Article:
A devastating avalanche has killed six experienced French skiers in the French Alps.

The bodies of the four men and two women, aged between 50 and 70, were uncovered in the Queyras valley, in the Haute-Alpes department.

It is believed the victims were skiing as a group and had been hiking together when the avalanche struck on Saturday.

Helicopter and sniffer dogs were deployed as part of the emergency rescue effort.

Pierre Besnard, the Haute-Alpes prefect, said "the bodies of three of the skiers were found overnight Saturday to Sunday", while the other three victims were discovered this morning.

Besnard commented: "When they set off, the sky was clear and the risk of avalanche estimated at 3 out of 5."

Since Christmas, over 24 people have been killed by avalanches whilst skiing in the Alps in France and Switzerland.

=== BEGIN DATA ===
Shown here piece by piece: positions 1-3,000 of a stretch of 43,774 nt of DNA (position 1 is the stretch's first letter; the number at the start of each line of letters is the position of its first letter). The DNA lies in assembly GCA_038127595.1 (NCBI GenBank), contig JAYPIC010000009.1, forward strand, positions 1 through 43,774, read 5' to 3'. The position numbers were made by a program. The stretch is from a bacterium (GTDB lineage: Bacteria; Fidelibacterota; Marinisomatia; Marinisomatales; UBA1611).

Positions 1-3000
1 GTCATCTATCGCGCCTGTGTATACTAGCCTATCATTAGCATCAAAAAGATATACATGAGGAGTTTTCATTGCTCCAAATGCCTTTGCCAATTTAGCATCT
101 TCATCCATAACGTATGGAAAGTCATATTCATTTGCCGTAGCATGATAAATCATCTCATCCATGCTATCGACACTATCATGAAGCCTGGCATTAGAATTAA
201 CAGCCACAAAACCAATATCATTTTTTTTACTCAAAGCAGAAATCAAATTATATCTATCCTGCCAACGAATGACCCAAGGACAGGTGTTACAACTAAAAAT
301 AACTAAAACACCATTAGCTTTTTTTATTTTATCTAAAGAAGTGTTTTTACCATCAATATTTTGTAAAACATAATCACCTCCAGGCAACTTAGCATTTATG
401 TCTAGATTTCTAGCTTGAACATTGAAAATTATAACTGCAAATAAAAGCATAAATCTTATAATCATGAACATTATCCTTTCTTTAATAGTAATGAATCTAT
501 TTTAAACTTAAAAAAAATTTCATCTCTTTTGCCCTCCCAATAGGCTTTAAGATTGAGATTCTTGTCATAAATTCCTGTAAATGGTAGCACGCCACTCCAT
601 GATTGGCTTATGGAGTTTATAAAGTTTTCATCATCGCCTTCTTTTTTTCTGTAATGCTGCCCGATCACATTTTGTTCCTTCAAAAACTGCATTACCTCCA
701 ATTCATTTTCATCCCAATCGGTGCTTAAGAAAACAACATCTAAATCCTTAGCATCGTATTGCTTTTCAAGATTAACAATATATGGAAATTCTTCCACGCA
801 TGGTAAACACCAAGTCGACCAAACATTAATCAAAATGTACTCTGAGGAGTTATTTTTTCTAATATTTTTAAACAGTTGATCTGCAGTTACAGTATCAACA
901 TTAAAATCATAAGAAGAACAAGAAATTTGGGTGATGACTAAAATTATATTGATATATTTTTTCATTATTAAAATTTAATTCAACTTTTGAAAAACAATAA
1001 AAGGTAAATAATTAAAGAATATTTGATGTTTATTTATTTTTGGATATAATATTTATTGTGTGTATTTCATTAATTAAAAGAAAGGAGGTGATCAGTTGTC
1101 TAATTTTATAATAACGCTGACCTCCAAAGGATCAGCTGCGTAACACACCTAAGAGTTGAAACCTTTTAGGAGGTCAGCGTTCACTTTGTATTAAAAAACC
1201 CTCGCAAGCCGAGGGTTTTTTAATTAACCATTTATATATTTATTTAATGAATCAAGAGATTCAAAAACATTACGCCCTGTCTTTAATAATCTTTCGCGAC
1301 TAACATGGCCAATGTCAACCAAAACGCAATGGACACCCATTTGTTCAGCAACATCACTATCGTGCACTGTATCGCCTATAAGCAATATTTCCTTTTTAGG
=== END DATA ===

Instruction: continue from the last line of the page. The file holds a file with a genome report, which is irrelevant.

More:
On Friday, a British skier fell hundreds of metres to his death near the French resort of Chamonix. The skier, who is thought to be in his 30s, had been attempting to descend the north face of the Tour Ronde on Mont Blanc.

The Tour Ronde is considered a challenging climb, usually only attempted by experienced climbers.

A police spokesman said: "He was with friends. He fell in a couloir and fell and slid a total of about 400 metres, not vertical." The police said that an investigation is currently under way.

On the same day, a 46-year-old French woman was killed by an avalanche whilst skiing in Valloire in the Savoie region.